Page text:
Time will tell if your vision of a hyperenergised human civilisation comes to pass and, if so, whether that might be "going too damn far".
"We need to learn how to work with Nature, rather than against it."
We lived in harmony with nature for millennia. You've just forgotten what it was like.
Unless you’re a lot older than I am, neither of us remembers what it was like – humans have created new ‘harmonies‘
On average we use ~20 times more energy than the minimum our primitive ancestors and physiologically similar life on spaceship Earth use(d) to get by. What might happen, I wonder, if that inequality was to increase?
@ those who envision a hyper-energised future of 10+ billion souls each using 10-to-100 times that 58 kWh per day; ‘More (energy) consumption isn’t necessarily better’, and ‘Won't someone please think of the koalas!’
This civilisation will end someday, but we don't have to actively create the circumstances that will end it sooner rather than later – that choice is on us.
On a slight tangent to Morrie.
Often this insatiable want for the next, latest and newest object is a pursuit for happiness. Counter intuitively, a desire-free life is the key to happiness.
We make the mistake of thinking the joy we feel, is attached to acquiring a trinket. This happiness arises, because for a brief moment, we are desireless. Generally speaking this happiness abates as a new desire emerges.
Time and time again it seems to come back to The Lorax. There is a strong streak of needing to keep 'biggering', while not many want to speak for the trees.
@dmk and gsays
Yes, for most of our evolution we lived with such scarcity that the two birds, 'more' and 'better' always sat right next to each other on the same tree branch. Get one and you got the other.
It's only now that we've had several centuries of industrialisation, where most people in the developed world (the golden one billion) have their reasonable material wants satisfied that we even begin to question whether 'more' is always 'better'.
In essence yes, you both make a highly pertinent point, that I hope to address in the next post.
The IMF predicts that world population will hit 9.7 billion by 2050 and be pretty stable with birth rates slowing to 2.2. (the replacement rate is 2.1 children per woman).
I don't know the complex reasons behind falling birth rates but improving trends like healthcare, female emancipation, contraception, education — all no doubt help. Also, adverse environmental factors could be lowering fertility.
I am pro-humanity but anti- global collapse. Learning to live sustainably on a finite planet is our only way forward.
I wouldn't want to see global collapse either. It seems to me hat:
Also take the chance to enjoy our beautiful country this summer while it is not overrun by hordes of foreign tourists.
Point 1 is part of what this series is about. And why we probably shouldn't need to worry about it too much. Erlich, like Malthus turned out to be completely wrong.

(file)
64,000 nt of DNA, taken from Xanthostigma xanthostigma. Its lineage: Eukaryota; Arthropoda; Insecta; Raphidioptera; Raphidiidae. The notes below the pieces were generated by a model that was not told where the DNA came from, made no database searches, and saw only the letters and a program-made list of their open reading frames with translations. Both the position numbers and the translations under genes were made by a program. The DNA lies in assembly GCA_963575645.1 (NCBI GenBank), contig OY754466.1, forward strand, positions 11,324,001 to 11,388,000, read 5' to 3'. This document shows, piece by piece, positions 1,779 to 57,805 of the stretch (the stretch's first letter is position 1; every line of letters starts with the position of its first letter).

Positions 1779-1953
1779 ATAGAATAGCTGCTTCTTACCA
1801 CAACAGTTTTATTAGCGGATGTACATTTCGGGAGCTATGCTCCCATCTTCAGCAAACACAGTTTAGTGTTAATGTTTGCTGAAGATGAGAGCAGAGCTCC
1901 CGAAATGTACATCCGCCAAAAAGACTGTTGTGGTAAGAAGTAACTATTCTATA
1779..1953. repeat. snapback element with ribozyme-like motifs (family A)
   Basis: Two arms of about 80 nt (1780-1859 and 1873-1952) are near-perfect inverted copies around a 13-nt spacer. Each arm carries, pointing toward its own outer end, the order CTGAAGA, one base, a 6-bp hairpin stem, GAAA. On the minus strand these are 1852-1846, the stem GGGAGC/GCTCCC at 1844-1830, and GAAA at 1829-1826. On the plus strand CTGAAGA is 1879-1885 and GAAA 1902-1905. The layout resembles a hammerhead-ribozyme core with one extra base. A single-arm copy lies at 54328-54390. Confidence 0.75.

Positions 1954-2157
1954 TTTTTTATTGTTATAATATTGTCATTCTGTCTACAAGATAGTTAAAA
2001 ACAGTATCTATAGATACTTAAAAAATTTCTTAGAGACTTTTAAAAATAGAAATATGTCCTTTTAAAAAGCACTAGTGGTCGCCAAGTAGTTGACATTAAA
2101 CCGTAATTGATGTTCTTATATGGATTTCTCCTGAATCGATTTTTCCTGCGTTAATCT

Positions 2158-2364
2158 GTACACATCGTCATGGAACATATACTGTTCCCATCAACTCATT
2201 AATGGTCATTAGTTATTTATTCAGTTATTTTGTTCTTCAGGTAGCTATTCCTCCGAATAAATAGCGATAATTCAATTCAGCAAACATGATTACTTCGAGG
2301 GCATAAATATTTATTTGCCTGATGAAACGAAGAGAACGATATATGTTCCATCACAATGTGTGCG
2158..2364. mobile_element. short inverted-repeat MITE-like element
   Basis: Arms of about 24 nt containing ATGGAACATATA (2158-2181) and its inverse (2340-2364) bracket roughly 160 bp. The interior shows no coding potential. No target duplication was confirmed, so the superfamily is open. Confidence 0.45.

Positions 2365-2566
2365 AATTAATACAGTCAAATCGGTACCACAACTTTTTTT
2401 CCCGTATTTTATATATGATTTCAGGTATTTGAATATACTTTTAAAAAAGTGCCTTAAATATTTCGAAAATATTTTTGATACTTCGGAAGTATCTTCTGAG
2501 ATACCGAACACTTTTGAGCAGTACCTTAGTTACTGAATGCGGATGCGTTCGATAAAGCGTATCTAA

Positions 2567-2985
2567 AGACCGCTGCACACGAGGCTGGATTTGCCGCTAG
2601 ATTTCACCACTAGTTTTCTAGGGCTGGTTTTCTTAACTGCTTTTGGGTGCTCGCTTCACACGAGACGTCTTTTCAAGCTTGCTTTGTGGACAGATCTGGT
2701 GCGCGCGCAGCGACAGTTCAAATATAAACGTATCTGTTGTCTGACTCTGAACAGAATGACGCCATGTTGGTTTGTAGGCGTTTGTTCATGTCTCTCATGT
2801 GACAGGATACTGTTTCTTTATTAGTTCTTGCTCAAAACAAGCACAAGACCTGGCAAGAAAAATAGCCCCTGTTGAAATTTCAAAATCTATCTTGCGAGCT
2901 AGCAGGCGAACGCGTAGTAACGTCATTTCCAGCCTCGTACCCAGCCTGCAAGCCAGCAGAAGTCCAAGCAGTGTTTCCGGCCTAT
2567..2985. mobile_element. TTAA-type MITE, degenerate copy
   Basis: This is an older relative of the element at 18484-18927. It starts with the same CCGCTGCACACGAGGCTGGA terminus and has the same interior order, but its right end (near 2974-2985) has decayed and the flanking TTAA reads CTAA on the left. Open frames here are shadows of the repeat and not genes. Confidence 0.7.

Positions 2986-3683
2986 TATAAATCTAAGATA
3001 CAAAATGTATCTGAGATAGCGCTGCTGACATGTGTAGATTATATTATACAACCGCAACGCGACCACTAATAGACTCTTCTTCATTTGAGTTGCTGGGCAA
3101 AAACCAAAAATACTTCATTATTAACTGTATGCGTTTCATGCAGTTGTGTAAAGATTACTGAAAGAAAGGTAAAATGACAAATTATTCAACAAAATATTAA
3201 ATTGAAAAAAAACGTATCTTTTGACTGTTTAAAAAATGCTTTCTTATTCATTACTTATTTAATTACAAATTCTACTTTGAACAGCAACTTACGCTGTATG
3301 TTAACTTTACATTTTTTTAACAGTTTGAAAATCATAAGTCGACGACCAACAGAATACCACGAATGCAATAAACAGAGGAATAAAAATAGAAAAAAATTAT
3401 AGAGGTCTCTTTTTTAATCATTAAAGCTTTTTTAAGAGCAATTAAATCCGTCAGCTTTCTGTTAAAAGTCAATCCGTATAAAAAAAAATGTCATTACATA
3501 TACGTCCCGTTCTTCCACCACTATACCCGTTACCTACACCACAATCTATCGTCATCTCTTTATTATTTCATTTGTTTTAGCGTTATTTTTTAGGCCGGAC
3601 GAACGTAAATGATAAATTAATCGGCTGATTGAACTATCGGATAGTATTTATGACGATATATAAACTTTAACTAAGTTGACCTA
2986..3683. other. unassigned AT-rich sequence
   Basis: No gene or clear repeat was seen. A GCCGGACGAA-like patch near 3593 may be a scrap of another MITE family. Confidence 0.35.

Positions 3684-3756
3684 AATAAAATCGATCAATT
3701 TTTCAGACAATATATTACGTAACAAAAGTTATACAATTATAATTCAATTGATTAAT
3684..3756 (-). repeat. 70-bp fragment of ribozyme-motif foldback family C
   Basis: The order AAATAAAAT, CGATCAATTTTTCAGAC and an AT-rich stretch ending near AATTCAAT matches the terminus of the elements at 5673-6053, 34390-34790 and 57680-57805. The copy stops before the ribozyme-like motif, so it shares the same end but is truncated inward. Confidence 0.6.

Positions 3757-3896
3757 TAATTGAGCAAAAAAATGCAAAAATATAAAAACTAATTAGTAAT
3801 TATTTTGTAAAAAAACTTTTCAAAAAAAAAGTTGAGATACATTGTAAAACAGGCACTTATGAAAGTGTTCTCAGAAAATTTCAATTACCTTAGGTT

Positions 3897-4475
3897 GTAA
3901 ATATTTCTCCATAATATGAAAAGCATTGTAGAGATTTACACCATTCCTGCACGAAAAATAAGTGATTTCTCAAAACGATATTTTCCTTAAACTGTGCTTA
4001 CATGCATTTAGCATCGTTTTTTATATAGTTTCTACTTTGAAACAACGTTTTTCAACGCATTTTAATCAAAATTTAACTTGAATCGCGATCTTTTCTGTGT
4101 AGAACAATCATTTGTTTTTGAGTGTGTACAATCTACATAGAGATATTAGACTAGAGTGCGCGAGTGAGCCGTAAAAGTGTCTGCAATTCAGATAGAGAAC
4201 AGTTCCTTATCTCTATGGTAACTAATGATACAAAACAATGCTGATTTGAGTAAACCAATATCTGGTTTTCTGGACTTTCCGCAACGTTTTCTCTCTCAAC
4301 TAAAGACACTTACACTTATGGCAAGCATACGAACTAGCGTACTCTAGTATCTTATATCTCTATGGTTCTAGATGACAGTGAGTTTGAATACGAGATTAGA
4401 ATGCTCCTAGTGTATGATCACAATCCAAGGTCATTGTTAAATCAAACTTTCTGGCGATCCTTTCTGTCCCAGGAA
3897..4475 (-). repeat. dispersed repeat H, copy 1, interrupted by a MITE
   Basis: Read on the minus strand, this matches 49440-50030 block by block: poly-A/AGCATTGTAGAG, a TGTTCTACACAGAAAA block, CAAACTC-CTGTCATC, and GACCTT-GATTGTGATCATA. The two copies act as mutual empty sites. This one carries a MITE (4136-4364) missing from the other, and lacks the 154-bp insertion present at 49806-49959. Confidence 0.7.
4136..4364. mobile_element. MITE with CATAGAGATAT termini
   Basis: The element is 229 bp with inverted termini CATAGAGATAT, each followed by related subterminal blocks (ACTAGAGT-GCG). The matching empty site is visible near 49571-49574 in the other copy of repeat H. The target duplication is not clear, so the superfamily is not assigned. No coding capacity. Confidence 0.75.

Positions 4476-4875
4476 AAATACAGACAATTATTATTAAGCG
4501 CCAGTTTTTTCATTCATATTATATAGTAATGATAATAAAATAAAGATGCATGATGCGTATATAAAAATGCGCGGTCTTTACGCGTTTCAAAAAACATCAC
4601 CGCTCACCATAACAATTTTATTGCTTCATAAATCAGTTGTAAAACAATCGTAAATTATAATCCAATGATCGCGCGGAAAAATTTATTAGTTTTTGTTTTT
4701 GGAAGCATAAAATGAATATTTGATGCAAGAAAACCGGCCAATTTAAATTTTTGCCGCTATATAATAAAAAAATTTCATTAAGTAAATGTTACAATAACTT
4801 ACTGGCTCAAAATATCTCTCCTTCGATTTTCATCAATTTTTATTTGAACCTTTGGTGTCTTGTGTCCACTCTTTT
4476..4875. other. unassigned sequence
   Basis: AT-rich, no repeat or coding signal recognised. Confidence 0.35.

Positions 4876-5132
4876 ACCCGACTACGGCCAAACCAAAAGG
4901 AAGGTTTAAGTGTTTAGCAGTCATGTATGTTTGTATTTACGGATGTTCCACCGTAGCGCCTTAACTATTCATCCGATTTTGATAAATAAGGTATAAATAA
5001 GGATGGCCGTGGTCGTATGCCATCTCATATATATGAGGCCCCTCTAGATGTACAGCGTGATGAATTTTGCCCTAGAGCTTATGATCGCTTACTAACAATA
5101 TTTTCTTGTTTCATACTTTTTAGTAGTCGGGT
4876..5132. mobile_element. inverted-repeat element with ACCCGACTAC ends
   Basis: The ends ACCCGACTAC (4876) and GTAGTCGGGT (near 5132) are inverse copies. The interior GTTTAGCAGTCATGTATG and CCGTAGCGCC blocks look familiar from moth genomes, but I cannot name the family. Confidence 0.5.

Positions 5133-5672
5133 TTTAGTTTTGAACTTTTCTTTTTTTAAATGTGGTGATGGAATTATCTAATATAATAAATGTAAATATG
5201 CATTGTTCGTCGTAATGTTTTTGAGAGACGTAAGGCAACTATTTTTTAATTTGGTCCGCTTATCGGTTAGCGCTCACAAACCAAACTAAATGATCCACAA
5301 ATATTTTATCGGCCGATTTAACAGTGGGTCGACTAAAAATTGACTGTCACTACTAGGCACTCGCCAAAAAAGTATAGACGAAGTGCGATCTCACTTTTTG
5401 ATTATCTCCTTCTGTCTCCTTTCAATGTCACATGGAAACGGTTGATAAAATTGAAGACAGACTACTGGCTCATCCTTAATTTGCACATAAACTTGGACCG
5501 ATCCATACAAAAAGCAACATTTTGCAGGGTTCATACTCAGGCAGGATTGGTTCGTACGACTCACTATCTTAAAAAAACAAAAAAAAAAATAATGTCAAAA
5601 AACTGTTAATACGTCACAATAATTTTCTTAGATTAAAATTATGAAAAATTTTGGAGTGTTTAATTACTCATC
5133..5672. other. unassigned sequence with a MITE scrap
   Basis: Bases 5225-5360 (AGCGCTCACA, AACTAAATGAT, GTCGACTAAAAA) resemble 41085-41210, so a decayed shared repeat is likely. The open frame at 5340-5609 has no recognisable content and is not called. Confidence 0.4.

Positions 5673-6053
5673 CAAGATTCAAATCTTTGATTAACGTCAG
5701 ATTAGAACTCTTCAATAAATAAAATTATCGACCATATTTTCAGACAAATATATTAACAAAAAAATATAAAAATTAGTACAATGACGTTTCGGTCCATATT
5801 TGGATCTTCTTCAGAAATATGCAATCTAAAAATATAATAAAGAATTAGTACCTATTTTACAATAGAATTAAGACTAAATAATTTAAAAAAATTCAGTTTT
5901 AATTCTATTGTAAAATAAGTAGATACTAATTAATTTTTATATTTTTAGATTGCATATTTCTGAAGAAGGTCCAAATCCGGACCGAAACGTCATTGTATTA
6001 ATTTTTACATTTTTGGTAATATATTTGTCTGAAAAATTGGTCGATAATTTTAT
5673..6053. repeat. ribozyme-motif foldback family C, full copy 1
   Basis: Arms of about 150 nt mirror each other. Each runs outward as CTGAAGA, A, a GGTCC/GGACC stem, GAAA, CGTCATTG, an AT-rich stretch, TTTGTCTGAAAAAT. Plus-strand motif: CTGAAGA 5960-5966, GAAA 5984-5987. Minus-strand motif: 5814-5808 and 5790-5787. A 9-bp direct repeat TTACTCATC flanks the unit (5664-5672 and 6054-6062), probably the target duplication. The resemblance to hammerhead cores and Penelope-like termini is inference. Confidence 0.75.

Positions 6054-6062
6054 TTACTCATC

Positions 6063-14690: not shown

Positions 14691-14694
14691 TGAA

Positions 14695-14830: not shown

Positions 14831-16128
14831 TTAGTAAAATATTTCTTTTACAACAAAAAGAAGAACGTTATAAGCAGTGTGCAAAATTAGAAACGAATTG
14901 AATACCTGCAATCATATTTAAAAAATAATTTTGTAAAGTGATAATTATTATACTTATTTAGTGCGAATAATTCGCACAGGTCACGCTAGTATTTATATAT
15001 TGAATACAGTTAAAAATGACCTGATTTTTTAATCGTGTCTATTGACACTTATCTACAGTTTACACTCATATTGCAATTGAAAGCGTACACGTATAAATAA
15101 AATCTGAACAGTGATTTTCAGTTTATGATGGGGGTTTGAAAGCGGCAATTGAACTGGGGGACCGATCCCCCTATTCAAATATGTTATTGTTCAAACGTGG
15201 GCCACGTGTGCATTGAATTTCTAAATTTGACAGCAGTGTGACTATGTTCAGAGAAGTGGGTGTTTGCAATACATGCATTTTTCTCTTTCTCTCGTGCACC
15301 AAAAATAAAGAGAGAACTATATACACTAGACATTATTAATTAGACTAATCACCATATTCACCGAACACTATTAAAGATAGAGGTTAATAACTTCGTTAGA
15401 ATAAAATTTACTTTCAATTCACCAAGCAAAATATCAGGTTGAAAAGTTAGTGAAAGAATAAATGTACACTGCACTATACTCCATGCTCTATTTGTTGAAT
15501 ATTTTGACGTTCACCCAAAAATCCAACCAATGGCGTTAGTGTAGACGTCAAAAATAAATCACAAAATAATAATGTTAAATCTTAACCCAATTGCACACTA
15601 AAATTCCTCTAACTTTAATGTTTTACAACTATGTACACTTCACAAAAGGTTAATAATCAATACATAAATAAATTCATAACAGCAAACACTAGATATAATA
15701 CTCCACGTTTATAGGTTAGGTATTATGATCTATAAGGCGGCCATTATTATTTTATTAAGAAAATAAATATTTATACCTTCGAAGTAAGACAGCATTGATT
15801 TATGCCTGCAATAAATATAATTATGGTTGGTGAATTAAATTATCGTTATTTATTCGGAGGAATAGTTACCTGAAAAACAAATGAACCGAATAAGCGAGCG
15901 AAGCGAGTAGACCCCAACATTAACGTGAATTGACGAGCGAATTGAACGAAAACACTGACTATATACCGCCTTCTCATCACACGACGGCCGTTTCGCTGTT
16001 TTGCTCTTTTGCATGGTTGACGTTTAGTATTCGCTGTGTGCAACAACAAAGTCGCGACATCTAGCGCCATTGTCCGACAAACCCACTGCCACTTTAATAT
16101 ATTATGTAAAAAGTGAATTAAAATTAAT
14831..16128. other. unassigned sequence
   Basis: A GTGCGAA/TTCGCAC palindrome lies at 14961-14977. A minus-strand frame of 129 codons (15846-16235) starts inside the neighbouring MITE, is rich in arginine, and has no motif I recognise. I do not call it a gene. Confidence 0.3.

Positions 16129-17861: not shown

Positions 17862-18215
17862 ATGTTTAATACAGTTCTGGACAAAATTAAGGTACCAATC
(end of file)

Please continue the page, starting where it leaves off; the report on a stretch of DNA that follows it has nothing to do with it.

Point 2 is a reasonable one, but not all 'material wants' are the same, and interestingly changing global demographics will play into this substantially.
And yes your sentiment about the 'hordes' is shared by lot's of kiwis. When I was much younger, and most of my friends were doing OT's, I was mostly to be found in the Southern Alps. It's a remarkable thing to have not just whole valley, but sometimes entire named ranges all to yourself.
The most powerful proponent of Malthusian ideas is Thanos, of course.
Thanks to Marvel and Walt Disney, rejected ideas, theories, and ideologies are recycled and re-seeded into the minds of receptive audiences for another revival round. More popcorn?
Not being a comic fan I had to search on that. But yes a deep link.
One of the principles that I adhere to is that science and religion must ultimately speak in harmony. They describe different aspects of a single, coherent reality. Thanos is the end result of science (or knowledge) stripped of faith. (While of course at the same time religion unmoored from physical reality soon degenerates into mere superstitions.)
I think this is what keeps me optimistic, often unreasonably so, in the face of so much evidence to the contrary. It's my sense that the correct direction points to the place where what we currently call science and religion, eventually converge into a conceptually complete whole. Thanos ran in the exact opposite direction it would seem.
" the place where what we currently call science and religion, eventually converge into a conceptually complete whole."
The Dancing Wu-Li Masters
Ah, sorry, I thought you were a Sci-Fi fan and there’s only a fine line between that and (some) comics, IMO. That said, I’m not a comic fan either (used to be as a child). It’s worth paying attention to themes, concepts, and symbols in modern movies as they tend to tell us a lot about ourselves and at the same time influence us.
Here’s an analogy, see what you think:
Science provides the visual, religion provides the audio, and we’re the listener-viewer.
This raises at least one question: are we on mute?
I thought you were a Sci-Fi fan
I am, but somehow the DC universe slipped by me. My loss
Science provides the visual, religion provides the audio,
"In the Beginning was the Word" … yes that works
I found this incredibly dark little short this morning; it seems apposite to our condition: